Photonic crystal fiber yields near-IR solitons
During a postdeadline talk at the annual meeting in November of the IEEE Lasers and Electro-Optics Society (LEOS; San Francisco, CA), researchers from the University of Bath (Bath, England) reported the generation of both white-light supercontinua and near-infrared solitons in a photonic crystal fiber.
During a postdeadline talk at the annual meeting in November of the IEEE Lasers and Electro-Optics Society (LEOS; San Francisco, CA), researchers from the University of Bath (Bath, England) reported the generation of both white-light supercontinua and near-infrared solitons in a photonic crystal fiber. Constructed of a long thread of silica glass with a periodic array of air holes running down its length, the fiber forms a two-dimensional photonic crystal that is periodic across the transverse plane of the fiber but uniform in the normal direction.
By filling in the central hole, the researchers created a "defect" in the crystal structure with a high index of refraction that consequently guided light by total internal reflection, similar to the core of an optical fiber. A key factor in constructing these photonic crystal fibers is relatively large hole diameters (d) compared to the pitch or distance between the holes (L), according to William Wadsworth, lead author of the paper presented at the meeting.
"In early fibers we were working with a very small [value of] d over L, 0.1 and less. And that gives interesting effects such as endlessly single-mode fiber (single-mode for all wavelengths) and large-mode-area fibers," he said. "But if you make the holes very big, with d over L greater than 0.5 (currently we are using 0.8), then the structure becomes very dispersive and you can modify the dispersion of the guided mode greatly."
Making use of these properties allowed the Bath researchers in the laboratory of Philip Russell to produce solitons at wavelengths below 1.28 µm, when the silica in the optical fiber was no longer anomalous. The high ratio of diameter to pitch allowed them to make the dispersion while the fiber itself remained single-mode.
"We shifted the group velocity dispersion (GVD) zero [point] from 1300 nm down to the 740- to 800-nm range," Wadsworth said. "This is partly a theoretical prediction that was made years ago. Then advances in the technology of making fibers enabled us to produce big holes at small pitches."
RIGHT. Femtosecond pulses at approximately 850 nm enter from the left generating a continuum that appears first pink then progressively greener. The fiber output is collimated by the microscope objective at the right and is then dispersed by a grating onto the white card behind the fiber. The spectrum extends from the ultraviolet through the visible and into the infrared, beyond the response of the photographic film (top). Fiber performance was enabled by the high ratio of hole diameter (1.4 µm) to pitch (1.74 µm) in cross-sectional dimension (left).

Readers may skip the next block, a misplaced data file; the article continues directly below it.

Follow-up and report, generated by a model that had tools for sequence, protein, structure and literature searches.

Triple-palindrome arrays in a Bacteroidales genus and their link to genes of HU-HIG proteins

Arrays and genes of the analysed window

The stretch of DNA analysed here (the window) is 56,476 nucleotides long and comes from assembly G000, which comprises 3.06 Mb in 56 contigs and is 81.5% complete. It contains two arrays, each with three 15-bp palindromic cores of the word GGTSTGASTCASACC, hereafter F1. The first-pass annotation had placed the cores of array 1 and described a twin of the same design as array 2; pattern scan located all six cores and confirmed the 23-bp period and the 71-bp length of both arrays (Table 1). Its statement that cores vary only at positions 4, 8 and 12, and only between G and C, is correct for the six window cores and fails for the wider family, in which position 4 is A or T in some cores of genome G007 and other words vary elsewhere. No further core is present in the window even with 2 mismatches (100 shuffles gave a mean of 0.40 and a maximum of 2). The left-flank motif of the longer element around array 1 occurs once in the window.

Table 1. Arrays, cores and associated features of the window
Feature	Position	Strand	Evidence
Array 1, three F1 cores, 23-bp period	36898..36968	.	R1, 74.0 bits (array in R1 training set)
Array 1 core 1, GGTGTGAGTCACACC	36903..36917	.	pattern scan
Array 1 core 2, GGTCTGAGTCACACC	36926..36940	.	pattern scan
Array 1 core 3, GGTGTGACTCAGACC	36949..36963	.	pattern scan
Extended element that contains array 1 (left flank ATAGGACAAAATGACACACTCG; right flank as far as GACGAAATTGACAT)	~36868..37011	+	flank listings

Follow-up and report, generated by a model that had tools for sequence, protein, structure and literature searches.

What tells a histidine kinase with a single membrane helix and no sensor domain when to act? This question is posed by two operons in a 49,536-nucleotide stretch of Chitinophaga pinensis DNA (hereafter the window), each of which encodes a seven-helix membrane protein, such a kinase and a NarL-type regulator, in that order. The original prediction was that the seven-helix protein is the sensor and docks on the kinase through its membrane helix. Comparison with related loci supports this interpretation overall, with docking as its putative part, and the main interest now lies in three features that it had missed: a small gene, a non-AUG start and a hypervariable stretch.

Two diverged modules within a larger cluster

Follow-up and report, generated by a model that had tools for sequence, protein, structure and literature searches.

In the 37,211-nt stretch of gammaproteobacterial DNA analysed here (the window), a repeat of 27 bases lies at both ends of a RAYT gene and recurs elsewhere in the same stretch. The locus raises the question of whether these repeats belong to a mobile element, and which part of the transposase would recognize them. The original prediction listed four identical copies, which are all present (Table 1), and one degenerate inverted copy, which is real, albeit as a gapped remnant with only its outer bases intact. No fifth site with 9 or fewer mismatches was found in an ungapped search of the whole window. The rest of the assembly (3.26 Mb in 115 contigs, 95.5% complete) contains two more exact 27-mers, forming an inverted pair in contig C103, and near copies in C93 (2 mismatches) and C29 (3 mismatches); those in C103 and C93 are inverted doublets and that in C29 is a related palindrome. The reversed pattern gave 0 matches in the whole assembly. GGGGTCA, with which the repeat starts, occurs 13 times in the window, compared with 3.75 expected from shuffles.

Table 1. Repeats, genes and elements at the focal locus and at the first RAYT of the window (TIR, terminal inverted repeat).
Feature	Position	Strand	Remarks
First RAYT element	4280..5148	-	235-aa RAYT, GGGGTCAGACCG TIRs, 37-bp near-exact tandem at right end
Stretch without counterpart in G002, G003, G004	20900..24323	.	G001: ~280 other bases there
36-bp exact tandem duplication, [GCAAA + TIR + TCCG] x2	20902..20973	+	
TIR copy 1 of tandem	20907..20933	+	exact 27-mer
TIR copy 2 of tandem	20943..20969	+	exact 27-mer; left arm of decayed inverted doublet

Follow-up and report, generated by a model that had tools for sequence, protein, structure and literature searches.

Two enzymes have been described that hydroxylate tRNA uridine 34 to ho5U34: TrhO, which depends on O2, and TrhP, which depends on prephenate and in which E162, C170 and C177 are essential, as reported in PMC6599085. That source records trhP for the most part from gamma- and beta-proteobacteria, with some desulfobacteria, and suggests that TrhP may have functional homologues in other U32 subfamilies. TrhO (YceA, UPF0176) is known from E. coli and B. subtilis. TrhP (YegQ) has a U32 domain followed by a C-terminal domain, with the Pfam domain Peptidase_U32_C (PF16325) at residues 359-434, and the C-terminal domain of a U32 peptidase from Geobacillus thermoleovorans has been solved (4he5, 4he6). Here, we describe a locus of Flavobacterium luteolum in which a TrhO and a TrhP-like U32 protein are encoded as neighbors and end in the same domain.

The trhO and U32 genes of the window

Solitons with a characteristic length slightly over 1 m were observed at 850 nm upon pumping them with 200-fs pulses at energies below 0.07 nJ, from a modelocked Ti:sapphire laser. Two octaves of a white-light supercontinuumfrom below 400 to above 1600 nmwere observed over a distance of approximately 2 m when the input pulse energy was increased to 2 nJ, at least three orders of magnitude below conventional energy input requirements (see figure on p. 15).
The fact that measured values of GVD were very close to calculated values indicates that the photonic crystal fiber structure should facilitate design of fibers with desirable dispersion properties, Wadsworth said. "It enables you to produce solitons at short wavelengths which you normally couldn't do at all," he said.
Immediate applications would allow use of solitons for long-distance optical communication in the 1.3-µm band, as well as production of solitons in the multipurpose Ti:sapphire tuning range. Another new design potential would be to tailor group velocity dispersion strength, and consequently soliton length, at particular wavelengths such as 1500 nm.
In the area of white-light continua for applications such as spectroscopy and wavelength metrology, the low input energy requirement should also prove beneficial. "That means you need only use a laser oscillator," Wadsworth said. "You don't need an oscillator and amplifier to give you enough energy for white-light continuous spectra."